posted in: Opinion, Politics 1

When Warren Buffett’s made some specific claims in recent comments on taxes paid by the Super Rich; many Economy Gurus’ put their pennies worth forward on the issues. Some offered pro. Others offered con. Among those who offered Pro. Sentiments, the center of their argument involved the principle “equitable contribution by all”; the rich can be taxed just like everyone else. Those who espoused the Con. point of view stress the argument that the rich are the only creative parties; it is they who do all the innovating. They are the only group to whom kudos are due and to withhold such adulation diminishes the capacity of the community to flourish. One party actually offered for negation the thought that the rich can be expected to act so as to frustrate their obligation to contribute. Both parties then proceed to bash existing tax codes, as well as those regulatory components restraining behavioral excesses, that the history of the community had previously put in place.

None of these other commenters addressed the root problems affecting world economic prosperity. We have lost perspective on what pre-requisite considerations must apply, when specie’s adopts a communal strategy for survival and prosperity. What say you, should the principle “he whose actions bring high SURVIVAL BENEFIT is entitled to a larger share of the prosperity” be the only germane criteria for determining communal persistence? When a human society descends to focus mainly on trivialities, disburses high premium to that end and blatantly ignores the need for upholding the mechanisms which support necessity; can success be expected to occur?.

It is patently clear to many Americans that they whose major source of income descend from un-earned profits; have managed to receive humongous returns while providing very miniscule communal benefits. It is also clear that of such humongous profit, a major % descends through that financial system which gave rise to Wall Street.  Was that not the system intended to be a convenient vehicle through which producers may have access to investor’s capital. Was it intended to be an agency for rampant gambling? Is it unfair to now say that it has become a charnel house of unrestrained profiteering and a source of substantially unfair tax advantage and benefit distribution? Unacceptable disadvantage results for the vast mass of others who strive in the community; educators, food producers, fire and crime preventers, ecology sustainers and many others of those whose efforts shore up the fundamental structure of our civilization. Other institutions make equal and often superior contributions, Universities, Friendly Societies, Non Profit groups, repositories of moral codes, Governmental innovators (NASA, ARMED SERVICES, and FEMA). On what food does this our Investor classes feed that they deserve such privilege.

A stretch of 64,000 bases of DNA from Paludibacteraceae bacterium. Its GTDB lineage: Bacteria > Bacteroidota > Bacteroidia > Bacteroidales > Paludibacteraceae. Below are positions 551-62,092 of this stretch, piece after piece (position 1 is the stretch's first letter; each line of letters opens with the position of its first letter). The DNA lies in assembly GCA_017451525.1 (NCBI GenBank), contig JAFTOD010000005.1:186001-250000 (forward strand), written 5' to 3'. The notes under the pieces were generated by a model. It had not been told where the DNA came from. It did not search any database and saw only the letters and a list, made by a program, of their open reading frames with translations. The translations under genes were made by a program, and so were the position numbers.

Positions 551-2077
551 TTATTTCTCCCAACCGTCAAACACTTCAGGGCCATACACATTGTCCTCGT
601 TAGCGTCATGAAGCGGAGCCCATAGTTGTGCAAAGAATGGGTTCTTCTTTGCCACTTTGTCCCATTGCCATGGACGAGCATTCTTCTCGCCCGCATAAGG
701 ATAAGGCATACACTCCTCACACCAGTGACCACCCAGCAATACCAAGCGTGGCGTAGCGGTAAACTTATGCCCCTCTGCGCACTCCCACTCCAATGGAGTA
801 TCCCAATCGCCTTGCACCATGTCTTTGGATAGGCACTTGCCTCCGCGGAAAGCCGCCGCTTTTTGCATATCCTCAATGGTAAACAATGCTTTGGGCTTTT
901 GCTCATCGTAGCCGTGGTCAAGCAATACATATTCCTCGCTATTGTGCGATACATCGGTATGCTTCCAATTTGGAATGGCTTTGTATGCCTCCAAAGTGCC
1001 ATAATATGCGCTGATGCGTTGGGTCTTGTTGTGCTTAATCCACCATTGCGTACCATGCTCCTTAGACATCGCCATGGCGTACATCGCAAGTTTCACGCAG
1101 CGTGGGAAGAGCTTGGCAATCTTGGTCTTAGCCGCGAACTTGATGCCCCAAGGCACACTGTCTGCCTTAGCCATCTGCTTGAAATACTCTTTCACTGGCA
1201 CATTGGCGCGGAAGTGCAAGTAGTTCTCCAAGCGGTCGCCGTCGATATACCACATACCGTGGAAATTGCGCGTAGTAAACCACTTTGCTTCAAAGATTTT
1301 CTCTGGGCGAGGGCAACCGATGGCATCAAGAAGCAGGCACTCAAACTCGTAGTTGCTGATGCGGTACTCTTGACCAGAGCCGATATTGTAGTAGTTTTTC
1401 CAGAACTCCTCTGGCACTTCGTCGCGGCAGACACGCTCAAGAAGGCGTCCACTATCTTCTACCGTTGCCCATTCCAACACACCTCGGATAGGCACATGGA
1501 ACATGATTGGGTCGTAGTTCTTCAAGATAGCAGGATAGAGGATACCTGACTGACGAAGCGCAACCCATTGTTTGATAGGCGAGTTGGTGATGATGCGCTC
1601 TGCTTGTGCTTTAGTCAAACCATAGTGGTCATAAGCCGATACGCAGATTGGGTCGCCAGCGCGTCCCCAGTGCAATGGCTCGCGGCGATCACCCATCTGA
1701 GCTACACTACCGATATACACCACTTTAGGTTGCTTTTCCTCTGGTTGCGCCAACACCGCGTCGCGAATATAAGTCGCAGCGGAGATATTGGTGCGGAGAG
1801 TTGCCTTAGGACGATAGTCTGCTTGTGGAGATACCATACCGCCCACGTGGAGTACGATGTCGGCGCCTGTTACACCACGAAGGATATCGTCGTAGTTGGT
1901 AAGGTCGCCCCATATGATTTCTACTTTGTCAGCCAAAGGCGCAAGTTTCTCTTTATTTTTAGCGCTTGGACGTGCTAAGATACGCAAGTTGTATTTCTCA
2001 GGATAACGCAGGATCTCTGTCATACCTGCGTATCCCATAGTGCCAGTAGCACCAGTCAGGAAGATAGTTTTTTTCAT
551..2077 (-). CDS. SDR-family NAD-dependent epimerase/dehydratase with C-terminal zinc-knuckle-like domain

1. nathansherlock

    The core question seems to be: Independent of any state coercion or legislation is it possible for an individual to prosper while retaining a desire for social justice and a genuine feeling of compassion for fellow human beings who are suffering or less fortunate? Is it humanly possible for those who have generated huge un-earned income to voluntarily ‘share the wealth’ with ‘the least of these’, if not the community at large? History seems to indicate this is possible but quite rare, which is really a sad commentary on our so called ‘civilization’. Warren Buffet appears to be among the ‘rare’ group as he calls for more taxes on himself and those like him. There is such a thing as the less fortunate, or quite frankly, those who are beyond the reach of any type of ‘fortune’ because of their circumstances. Those of us who are able-bodied, in our younger years and doing ok for ourselves have to care for those with chronic illness and no means to support themselves, the elderly, the disabled, the widows, the orphans, the single mothers, the mentally ill. We do this via direct giving to charity (voluntary) and taxation (involuntary), with the involuntary crowd being the large majority. Those people who say ‘cut spending’ and we will just have to ‘bite the bullet’ are not actually the ones biting the bullet. We simply have to find a balance. I am a conservative and I believe in a free market economy but clearly it is not sustainable without first acknowledging the poor and suffering, then doing something to greatly improve their situation. On the flip side, those who are abusing welfare and other government social programmes must be challenged to put away the ‘entitlement’ mindset and take ownership of their lives. Also, there are certain projects and expenses that the government can dish out to private companies and completely remove this operational and capital expense from their budgets. Examples include road construction/maintenance and public transit – no need to keep this under the government umbrella. Governments don’t build every office building and every piece of infrastructure in any given city, so why are they taking on the ownership of selected infrastructure projects? Is it because they can run these projects more efficiently than the private sector? Is it because they trust themselves more than the private sector to deliver exactly what the people need? So many times governments prove why they should NOT be taking on SO MANY responsibilities which they do not adequately manage. Get rid of these projects off the government books – cut spending!! Anyway, so much can be said here – bottom line is we ‘the people’ have to stop always thinking ‘government’ and start thinking ‘what can I do RIGHT NOW to help, to change things’. Finally, I think Republicans/Conservatives definitely need a better understanding of what ‘Fiscal Conservative’ and ‘Social Conservative’ really mean. A Christian who is more of a ‘Social Conservative’ by definition cannot support a ‘Fiscally Conservative’ position that oppresses those who are already downtrodden – this actually goes against the teachings of Jesus Christ. Forgive me for being all over the place with my comments.